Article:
The colouring of these panels by Steve Buccellato, helps to guide the reader through the comparison process by making each row have a similar colour pattern: lighter colours for the first row, blue wash for the second row and dark shadows for the final row. Together the two pages are designed to be viewed as a single page of work and leads the reader as much as possible to compare the characters.
There are some comics that take the ideas and possibilities of the double page spread and apply them to an entire issue, the most notable example of this is Watchmen by Alan Moore and Dave Gibbons where in issue 5, Fearful Symmetry, the design work, layout and narrative all revolve around the central two pages making for a lot of flipping backwards and forwards through the comic.
Another wonderful example is Days of Hate issue 5 from Image Comics. In this issue each page is broken down into three rows, each with a single page-wide panel. Each row features one character’s story so that over a page the reader is passed from one location to another. The design of the comic means that you could, in theory, read only one of the rows throughout the entire comic without taking into account the other rows and their story lines. Each row can be taken in in isolation so on each double page spread you have two panels from each story reading across the page (Fig. 7).
But just like the Watchmen example, the narrative structure of the entire issue all links together and the misdirection of the creators in the way they layer the rows leads the reader to believe that each of the stories is happening at the same time. You could reorganise the panels so that each page features just one character’s story, or even split the comic into three sections telling one story after the other but you would lose the narrative punch. The drama of the story and the brilliance of the structure would be lost by re-editing it. The entire narrative structure relies on the layout of each page and the interpretation the creators force upon the reader.
On each double page spread in issue 5 of Days of Hate, the readers absorb each panel individually, then each row across the page and then the entire two-page spread all as one narrative, not as separate stories told on the same page.
There are many ways to deal with a double page spread within a comic. A brief overlook of the current American Comics published each month may suggest that the creators are moving away from utilising the potential the layout has to offer but if you look closely it is surprising how many different ways that the pages are being used. For simple aesthetics, to character development, or narrative structure, the writers and artists embrace the possibilities afforded to them by two pages of canvass that all readers initially take in as a single whole before starting to read.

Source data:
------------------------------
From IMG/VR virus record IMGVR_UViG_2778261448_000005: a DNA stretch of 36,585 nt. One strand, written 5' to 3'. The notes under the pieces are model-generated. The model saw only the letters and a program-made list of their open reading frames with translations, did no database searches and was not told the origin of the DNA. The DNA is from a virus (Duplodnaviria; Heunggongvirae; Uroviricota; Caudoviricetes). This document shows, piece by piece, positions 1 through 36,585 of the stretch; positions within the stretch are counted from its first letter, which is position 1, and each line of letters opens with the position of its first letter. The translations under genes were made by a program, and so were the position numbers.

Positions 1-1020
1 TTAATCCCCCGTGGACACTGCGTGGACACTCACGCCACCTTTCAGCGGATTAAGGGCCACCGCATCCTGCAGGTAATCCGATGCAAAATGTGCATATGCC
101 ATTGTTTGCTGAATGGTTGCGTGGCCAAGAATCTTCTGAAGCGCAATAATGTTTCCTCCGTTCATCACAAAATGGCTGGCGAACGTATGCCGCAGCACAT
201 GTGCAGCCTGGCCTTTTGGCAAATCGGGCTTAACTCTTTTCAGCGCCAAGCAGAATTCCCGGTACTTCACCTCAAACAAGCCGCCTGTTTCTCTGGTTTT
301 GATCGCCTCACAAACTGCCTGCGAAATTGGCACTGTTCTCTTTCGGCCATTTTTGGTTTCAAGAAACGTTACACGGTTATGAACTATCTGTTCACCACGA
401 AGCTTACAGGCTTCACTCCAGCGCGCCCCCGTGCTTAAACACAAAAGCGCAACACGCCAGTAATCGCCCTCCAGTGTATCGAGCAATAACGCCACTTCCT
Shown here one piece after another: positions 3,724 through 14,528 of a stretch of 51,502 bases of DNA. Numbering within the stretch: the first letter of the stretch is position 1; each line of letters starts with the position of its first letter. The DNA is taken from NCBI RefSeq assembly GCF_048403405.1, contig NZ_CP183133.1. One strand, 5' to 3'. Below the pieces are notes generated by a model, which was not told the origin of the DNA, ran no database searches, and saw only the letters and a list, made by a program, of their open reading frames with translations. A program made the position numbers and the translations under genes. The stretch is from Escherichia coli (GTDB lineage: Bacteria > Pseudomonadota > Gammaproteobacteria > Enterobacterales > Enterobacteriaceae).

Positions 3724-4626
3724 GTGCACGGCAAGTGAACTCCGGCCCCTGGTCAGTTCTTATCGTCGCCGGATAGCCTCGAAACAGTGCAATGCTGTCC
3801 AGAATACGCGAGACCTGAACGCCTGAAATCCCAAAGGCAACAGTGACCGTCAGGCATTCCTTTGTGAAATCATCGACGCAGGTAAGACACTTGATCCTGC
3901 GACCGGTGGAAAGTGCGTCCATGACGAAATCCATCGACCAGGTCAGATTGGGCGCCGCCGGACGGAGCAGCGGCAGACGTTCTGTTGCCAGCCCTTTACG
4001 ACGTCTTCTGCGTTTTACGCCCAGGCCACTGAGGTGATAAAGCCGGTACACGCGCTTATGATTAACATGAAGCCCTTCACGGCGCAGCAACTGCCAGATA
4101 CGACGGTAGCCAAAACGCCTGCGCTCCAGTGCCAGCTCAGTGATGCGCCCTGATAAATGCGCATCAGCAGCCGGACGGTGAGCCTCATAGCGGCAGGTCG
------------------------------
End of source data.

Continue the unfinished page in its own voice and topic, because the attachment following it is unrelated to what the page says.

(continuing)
Some of the more modern developments in comic book reading, such as trade collections and digital downloads, may have impacted some of the work being produced but it appears that enough creators working for the monthly market concentrate on the single issue layout of the physical product which gives the reader some beautiful double page spreads.
Index of comics
Published on August 2012 by Image Comics
Writer: Brian K Vaughan
Artist: Fiona Staples
Published on March 1986 by Marvel Comics
Writer/Artist: Frank Miller and David Mazzzucchelli
Published on February 2012 by DC Comics
Writers: Michael Green/Mike Johnson
Artist Mahmud Asrar
Supergirl Vol1: Last Daughter of Krypton
Published in 2012 by DC Comics
For creators see above
The Amazing Spider-Man #1
Published on September 2018 by Marvel Comics
Writer Nick Spencer
Pencils: Ryan Ottley
Batman: Legends of the Dark Knight #7
Published on May 1990 by DC Comics
Writer: Grant Morrison
Artist: Klaus Janson
Days of Hate #5
Published on May 2018 by Image comics
Writer: Ales Kot
Artist: Danijel Zezelj
Colour: Jordie Bellaire
Letters: Aditya Bidikar
East of West #40
Published on November 2018 by Image Comics
Writer: Jonathan Hickman
Artist Nick Dragotte
Colours: Frank Martin
Letters: Rus Wooton